Blasting the plants with the hose on fine mist mode worked a treat for getting the pests out of the nooks. That will at least keep them off the plants until I figure out how to get rid of them for good.

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Hello Rupi,


Welcome. I greet you in the love and light.


I had a similar experience with Aphid infested Brugmansia and Datura plants recently.


If you are seeking organic Aphid control I highly recommend companion planting with Nasturtium.


Others plants that will also naturally control Aphids are Aster, Mum, Cosmos, Hollyhock, Larkspur, Tuberous Begonia, Verbena, Dahlia and Zinnia.


At least this way you won't be killing anything. Those plants simply make that space undesirable so they move someplace else to feast.


I hope that helps. I wish you all the best with your sacred plants.

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I think the psychotria is probably still dormant,  Melbourne spring is probably still like Amazonian winter. Give it a month or two and once it shows signs of growth,  start feeding. 

Getting a small walk in greenhouse was one of the best things I've done - I was able to keep my cacti growing over winter,  as well as germinate new seeds. Be warned though, even tropical plants might not endure the temperatures inside a small closed in greenhouse on a hot summers day. Use positioning, shade cloth (like you already have) misting and ventilation, to regulate the growing environment. People tend to think, oh Melbourne, cold and rainy, but I know first hand it can get Fucking Hot there too.

Welcome and good luck with balancing the aphid population. Happy growing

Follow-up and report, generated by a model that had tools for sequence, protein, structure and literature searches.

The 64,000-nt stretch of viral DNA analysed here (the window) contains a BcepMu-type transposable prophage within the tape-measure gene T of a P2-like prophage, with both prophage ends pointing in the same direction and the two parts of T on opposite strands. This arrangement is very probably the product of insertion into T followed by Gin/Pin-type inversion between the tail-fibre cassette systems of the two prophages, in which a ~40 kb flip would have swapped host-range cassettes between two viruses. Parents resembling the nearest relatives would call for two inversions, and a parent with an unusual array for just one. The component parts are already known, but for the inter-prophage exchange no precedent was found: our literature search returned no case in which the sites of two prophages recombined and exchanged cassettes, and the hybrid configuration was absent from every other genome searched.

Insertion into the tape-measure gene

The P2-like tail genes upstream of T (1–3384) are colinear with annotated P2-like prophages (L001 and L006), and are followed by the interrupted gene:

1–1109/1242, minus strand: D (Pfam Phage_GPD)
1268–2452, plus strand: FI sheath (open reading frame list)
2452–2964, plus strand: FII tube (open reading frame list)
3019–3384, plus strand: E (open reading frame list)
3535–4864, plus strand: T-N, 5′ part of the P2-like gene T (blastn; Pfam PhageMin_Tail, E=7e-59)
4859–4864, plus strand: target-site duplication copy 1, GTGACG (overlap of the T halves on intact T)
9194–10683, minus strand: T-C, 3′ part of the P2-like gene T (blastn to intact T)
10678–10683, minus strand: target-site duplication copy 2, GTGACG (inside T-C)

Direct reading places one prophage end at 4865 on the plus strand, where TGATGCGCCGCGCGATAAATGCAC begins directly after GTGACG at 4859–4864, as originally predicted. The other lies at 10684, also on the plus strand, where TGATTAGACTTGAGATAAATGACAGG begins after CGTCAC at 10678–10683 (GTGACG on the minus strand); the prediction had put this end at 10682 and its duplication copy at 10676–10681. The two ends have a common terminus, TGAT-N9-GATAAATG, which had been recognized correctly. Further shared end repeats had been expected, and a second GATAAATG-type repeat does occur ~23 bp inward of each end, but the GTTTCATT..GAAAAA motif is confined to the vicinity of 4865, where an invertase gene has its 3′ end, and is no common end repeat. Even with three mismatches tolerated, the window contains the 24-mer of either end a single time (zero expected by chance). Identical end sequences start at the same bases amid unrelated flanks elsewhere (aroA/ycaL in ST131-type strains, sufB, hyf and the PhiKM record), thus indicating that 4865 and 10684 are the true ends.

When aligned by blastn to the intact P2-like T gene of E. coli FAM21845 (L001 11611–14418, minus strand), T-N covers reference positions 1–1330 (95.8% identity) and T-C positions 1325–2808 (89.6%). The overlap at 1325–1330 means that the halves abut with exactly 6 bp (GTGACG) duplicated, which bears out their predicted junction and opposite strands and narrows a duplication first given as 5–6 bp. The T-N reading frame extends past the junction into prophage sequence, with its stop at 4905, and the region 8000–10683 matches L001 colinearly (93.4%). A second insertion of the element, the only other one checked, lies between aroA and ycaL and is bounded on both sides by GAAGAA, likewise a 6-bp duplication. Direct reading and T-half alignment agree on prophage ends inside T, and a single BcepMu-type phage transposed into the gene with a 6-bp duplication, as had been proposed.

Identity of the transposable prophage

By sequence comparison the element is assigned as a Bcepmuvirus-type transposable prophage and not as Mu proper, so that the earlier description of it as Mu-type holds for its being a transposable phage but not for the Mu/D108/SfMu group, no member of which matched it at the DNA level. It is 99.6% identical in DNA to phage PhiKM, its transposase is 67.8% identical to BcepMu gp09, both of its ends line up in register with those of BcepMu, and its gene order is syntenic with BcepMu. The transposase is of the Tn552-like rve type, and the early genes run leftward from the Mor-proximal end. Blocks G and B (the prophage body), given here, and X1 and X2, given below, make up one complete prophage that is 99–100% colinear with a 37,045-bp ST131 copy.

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Brilliant! Thanks infinity,  I'll move some Nasturtiums into the greenhouse, hopefully between them, the lacewings and some time... all will balance out.


And xperiment u have given me some hope for my psychotrias, I'll try and exercise some patience and keep my busy little hands off them and see what happens.


And you are right about greenhouses! On a 22c sunny day my temps nearly got to 40c, and that was with the little solar extraction fan on the roof doing it's best. I've got a misting system on a timer as well, but I imagine the whole system will need tweaking for summer. I might end up having the greenhouse door open, with the shade cloth hanging across it.


I've setup the green house between 2 disiduous trees so it should get some shade in summer. It might be tough to balance light and heat throughout the year, but that's half the fun eh?


Many thanks, love and light!

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Hot pepper sprays on a weekly basis are what I always used for my Psychotria. Just another tool in your arsenal if you should decide to go down that route. 


Once your Psychotria is actively growing and gained some size remove mature leaves that have turned dark green and fold them in half and or into an accordion shape. Slide those leaves in the ground like that and keep humid and wet and you will likely have 30 more new Psychotria plants from each leaf in a matter of months.


Wish you luck, both grow like weeds once you get them established.

  • Thanks 1